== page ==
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7 Keys to praying without ceasing


Shutterstock/Marcel Mooij CC

Mike Eisenbath - published on 02/26/17

How do you pray all the time? The secret is that not all prayer looks and feels the same.

I remember the first time I read 1 Thessalonians 5:16-18 in a way that actually registered. In that passage, St. Paul wrote this to the church members in Thessalonica:

Rejoice always. Pray without ceasing. In all circumstances give thanks, for this is the will of God for you in Christ Jesus.

Now, I am a cradle Catholic. So I heard that Scripture passage often while growing up. At least I assume I did. I doubt I paid much attention, to be honest. Sometime during my first year of college, at a Newman Center Mass, I heard that section of that First Letter to the Thessalonians and simply didn’t know what to make of it. “How is that possible? Give thanks all the time? Even when I blow a test, or when I’m homesick, or when the girl I ask out turns me down? And I have to pray all the time? I don’t think I can do that.”

I resigned myself that I would be the best Christian I could be, but that I always would fall short of perfection especially in the realm of prayer. Yet now, 37 years later, I can say I indeed “pray without ceasing.”

First, I needed to resolve to make prayer a part of my daily life, not just a when-I-get-time kind of activity. Once that desire took root, I began to gradually incorporate different forms of prayer. I had to understand that not all prayer looks and feels the same. Consider the reflection of St. Therese of the Child Jesus in her “The Story of a Soul”:

“For me, prayer is an aspiration of the heart; it is a simple glance directed to heaven, it is a cry of gratitude and love in the midst of trial as well as joy; finally, it is something great, supernatural, which expands my soul and unites me to Jesus.”

That’s what my 24-hour-long prayer life became: my heart’s aspiration, a heavenward glance, gratitude and love. An expansion of my soul that unites me to God.

Here are my Seven Pillars of Unceasing Prayer, one of which you might consider adding to your day as a Lenten practice this year:

  • Constant Gratitude.

From the moment I wake up until I prepare to fall asleep at night, I try to be grateful. When I put my feet on the floor, I thank God for a new day. Before I get into the shower, I intentionally thank God for my hands and fingers, shoulders and arms, feet and toes, legs and knees, all my senses – and I ask Him to bless myself and others through all of those that day. I thank Him for the warm, clean water, for keeping my family safe, for giving me a job, anything else that comes to mind. As the day progresses, I turn to thanks whenever appropriate. At the end of the day, I reflect gratefully on whatever I experienced, whether joyful or difficult. As someone who has battled chronic, major depression and severe anxiety for 15 years, that’s not always easy. But it’s necessary and it’s holy.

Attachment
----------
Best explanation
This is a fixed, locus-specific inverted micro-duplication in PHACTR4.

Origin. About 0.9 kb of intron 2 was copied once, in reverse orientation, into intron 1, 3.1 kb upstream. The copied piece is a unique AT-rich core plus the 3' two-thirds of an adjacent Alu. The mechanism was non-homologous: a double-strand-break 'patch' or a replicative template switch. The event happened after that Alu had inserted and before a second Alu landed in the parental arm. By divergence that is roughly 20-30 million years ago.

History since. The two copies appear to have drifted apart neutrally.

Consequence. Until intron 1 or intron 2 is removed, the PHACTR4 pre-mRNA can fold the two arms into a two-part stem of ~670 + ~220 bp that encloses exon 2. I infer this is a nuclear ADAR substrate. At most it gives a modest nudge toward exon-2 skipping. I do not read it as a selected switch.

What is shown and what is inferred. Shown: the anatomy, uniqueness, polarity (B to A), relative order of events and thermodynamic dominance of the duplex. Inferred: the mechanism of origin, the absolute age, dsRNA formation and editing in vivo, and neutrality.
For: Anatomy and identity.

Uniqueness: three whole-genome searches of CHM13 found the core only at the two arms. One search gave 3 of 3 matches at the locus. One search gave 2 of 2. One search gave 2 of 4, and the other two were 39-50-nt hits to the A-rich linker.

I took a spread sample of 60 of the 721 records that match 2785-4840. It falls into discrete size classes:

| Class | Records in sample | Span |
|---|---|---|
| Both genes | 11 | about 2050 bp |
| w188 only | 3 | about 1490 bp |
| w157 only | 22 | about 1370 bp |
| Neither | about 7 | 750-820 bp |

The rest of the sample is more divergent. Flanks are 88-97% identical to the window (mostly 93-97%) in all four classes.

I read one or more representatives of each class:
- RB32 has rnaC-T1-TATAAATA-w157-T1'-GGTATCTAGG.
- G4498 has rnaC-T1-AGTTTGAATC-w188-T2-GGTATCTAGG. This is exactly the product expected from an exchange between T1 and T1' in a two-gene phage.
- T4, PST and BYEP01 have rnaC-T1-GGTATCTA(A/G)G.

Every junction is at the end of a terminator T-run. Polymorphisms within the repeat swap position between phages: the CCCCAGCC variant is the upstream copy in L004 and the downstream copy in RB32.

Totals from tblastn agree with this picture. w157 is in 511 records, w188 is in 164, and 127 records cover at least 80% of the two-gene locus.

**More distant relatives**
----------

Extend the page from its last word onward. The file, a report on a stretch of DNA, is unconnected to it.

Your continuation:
• Special Time.

I carve out time for specific prayerful activities. Daily Mass can be the most important spiritual activity for anyone, but there’s much more possible. You can try Morning, Evening and Night Prayers from the Divine Office. I pray the rosary as often as possible; there’s also The Jesus Prayer and recitation of certain other vocal prayers, such as the Litany of Humility.

  • Frequent Intercession.

Like most Christians, I frequently receive requests to pray for people and come across special intentions. Every Sunday, I reflect on each one of those needs and people, and I muse on exactly how I would like for God to bless them. Then I set a specific time, when feasibly possible, to take five minutes to run through that list mentally and ask God to bless them as He knows I desire. As I momentarily say each name or situation, I picture that person in my mind and call them to mind in my heart.

  • Meditation/Contemplation.

Part of my daily carved-out time is reserved for external silence and as much internal silence as I can develop. You might begin by meditating on an aspect of God or your relationship with Him. Ultimately, I hope to move to a place where I’m not thinking of anything but instead am simply contemplating God’s love. That can take many forms and mental images. It definitely takes practice. In the end, it’s a gift from God.

  • Occasional Music.

I generally listen to music only when I’m in the car, but I’m in the car about an hour every day. I might pop in a CD or call up a favorite sacred song on my phone and use that for some meditating-while-driving prayer. Or I might shut all that off and simply sing a song of praise. Usually I’m alone, so as long as God can stand listening to me, I’m good.

My mind never shuts down. There are all these moments that find a person randomly coming to mind, or I think about a specific reason for joy or sorrow, or I worry about something. I get ready to call someone, or I hang up the phone after an interesting conversation. I might read or hear some news. I might have to enter a meeting or prepare to write something. All those instances are opportunities to pray with gratitude or petition.

  • Dedicated Breath and Action.

Before you completely embark on the day, you can quietly focus on my breathing. “God,” I will say, “I give you every breath. Every time I inhale, please let me take you in, Father. Every time I exhale, please let me share you with the world, Jesus. Let me love and be loved. Holy Spirit, move in me to direct all my work, my play, my words and thoughts and feelings. I offer all to you as a sacrifice of love.”

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